See the Norwegian Town at the Center of a UFO Mania

3 minute read

Hessdalen, a valley in the Norwegian countryside, isn’t in the pristine north or by the magnificent fjords in the west. It’s, in fact, an unremarkable place of scrubby, low-lying hills; a former mining center that has slipped into depression and depopulation. It is unremarkable — except for the strange and unexplained lights.

They appear in the sky, moving slowly, separating and reforming, winking in and out. At other times they shoot down the valley and disappear, or simply switch on for a moment and vanish. I know what you’re thinking — but there’s video footage.

Word of the phenomena didn’t leave this tight-knit, insular community for quite a while. But in December 1981, the lights shone brighter, outsiders took notice, and the press descended.

The town attracted both legit scientists and spectators from across Europe. “Most people are [just] enthusiasts,” Norwegian photographer Ivar Kvaal tells TIME, “but I have also met the oddball fanatic. It’s divided. Most of the villagers are sane and honest.”

Kvaal says that “some of the villagers have hopes of making some money from UFO tourism. They tried to run a small gift shop, but it had to close. Now you can get souvenirs at the local pub, when it’s open.” Mostly, what the town has gotten is ridicule, which made it especially hard for Kvaal to gain people’s trust.

Theories for these occurrences abound: the light comes from ionized gases in the atmosphere, or ball lightning, or decaying radon. The earth itself is acting like a giant battery — which some say could be tapped for clean energy. And, of course, others believe these are aliens.

Kvaal isn’t interested in any of these theories. He’s never seen the lights himself. “I’m interested in how the lights have affected the community and the people,” he says.

This is instead, as Mark Durant writes of the work, “a meditation on the human desire to experience the otherworldly.”

Through a mixture of documentary photos, archival material, still lifes and portraits of believers, Kvaal creates a quiet but suggestive series about, in Durant’s words, “one of those forlorn frontiers where the mysterious and the desperate coincide to produce a new culture of wonder and paranoia.”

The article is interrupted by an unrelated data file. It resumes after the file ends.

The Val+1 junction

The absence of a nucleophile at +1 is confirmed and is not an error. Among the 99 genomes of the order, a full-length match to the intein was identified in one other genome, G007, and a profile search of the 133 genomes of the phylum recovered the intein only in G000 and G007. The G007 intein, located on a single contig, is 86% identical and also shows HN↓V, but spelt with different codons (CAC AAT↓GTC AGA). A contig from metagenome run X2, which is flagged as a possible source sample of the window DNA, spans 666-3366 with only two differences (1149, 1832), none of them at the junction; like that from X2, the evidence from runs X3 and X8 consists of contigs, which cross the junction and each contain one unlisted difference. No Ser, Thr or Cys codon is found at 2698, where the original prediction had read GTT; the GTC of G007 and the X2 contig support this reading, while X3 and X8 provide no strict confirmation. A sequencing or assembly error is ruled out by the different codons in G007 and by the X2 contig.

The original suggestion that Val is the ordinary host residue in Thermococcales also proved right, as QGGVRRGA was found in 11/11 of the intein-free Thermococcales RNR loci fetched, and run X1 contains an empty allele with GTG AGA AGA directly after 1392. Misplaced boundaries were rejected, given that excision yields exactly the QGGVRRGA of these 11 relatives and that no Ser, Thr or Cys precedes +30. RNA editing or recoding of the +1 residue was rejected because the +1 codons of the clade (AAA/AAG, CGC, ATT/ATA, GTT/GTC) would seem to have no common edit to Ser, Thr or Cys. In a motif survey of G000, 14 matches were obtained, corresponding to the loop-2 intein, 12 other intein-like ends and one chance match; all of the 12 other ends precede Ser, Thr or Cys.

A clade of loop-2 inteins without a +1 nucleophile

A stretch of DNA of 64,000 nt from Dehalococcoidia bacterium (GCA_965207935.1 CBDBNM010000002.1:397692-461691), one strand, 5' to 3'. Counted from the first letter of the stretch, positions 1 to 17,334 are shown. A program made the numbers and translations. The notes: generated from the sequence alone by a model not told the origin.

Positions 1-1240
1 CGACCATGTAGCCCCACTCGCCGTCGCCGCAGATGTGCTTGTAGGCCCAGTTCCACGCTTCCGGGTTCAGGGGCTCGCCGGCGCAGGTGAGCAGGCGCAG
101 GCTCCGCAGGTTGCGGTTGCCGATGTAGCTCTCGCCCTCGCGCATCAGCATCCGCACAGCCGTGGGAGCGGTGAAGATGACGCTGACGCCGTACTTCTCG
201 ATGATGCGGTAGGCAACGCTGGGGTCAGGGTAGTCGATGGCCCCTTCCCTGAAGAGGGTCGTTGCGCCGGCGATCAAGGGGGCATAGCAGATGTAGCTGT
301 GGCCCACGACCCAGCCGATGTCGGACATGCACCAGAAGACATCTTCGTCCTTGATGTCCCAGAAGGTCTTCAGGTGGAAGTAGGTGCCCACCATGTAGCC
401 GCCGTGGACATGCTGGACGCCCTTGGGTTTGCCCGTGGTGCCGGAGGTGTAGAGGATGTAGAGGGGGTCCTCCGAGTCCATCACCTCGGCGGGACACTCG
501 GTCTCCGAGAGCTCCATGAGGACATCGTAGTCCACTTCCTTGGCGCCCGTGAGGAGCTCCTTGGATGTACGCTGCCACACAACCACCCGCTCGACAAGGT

One of those frontiers where belief precedes evidence, and where the truth is always just around the corner.

Ivar Kvaal is a photographer based in Oslo.

Myles Little is an associate photo editor at TIME.

Film still from the documentary "The Portal: The Hessdalen Light Phenomenon" (2009). Directed by Terje Toftenes
Film still from the documentary "The Portal: The Hessdalen Light Phenomenon" (2009). Directed by Terje Toftenes
Starscape, Hessdalen. February 2013Ivar Kvaal
Starscape, Hessdalen. September 2013Ivar Kvaal
Abandoned barn in Hessdalen. February 2013Ivar Kvaal
Jan Moen inside Pålsgruva, Hessdalen. Scientists from the University of Bologna think that matter in the ground below Hessdalen could store energy in the same way as a battery. Ivar Kvaal
Boxes of equipment at a science camp in Hessdalen organized by the University College of Østfold, Norway.Ivar Kvaal
A weather-proofed time-lapse camera at Science Camp 2013 in Hessdalen.Ivar Kvaal
UFO spotter Wiebe Postma from the Netherlands. September 2013.Ivar Kvaal
Clipping from Adresseavisen newspaper, December 28, 1982 which reads "TV-crew from the USA in Hessdalen"
Clipping from VG (Verdens Gang) newspaper, March 22, 1983 which reads, "NORWAY PARALYZED by UFO Fears"
Archival image of the phenomenon taken by Roar Wister on, February 18, 1984, at 8:18pm.
Archival image showing two moving lights over Finnsåhøgda, Hessdalen. Photographer unknown.
The official Hessdalen UFO pin, in the hand of the salesman. June 2014.Ivar Kvaal
UFO witness Ingmar Lillevold. September 2012.Ivar Kvaal
An engineer from Italy's National Institute of Astrophysics holds a portable VLF receiver. September 2012.Ivar Kvaal
Ruth Mary Moe, longtime resident of the valley, made these observations of the shape and locations of what she believes was a UFO.Ivar Kvaal
Drawing on a car. June 2012.Ivar Kvaal
Hessdalen, light summer rain. June 2013.Ivar Kvaal
A stream of water running from the mine in Hessdalen. June 2013.Ivar Kvaal

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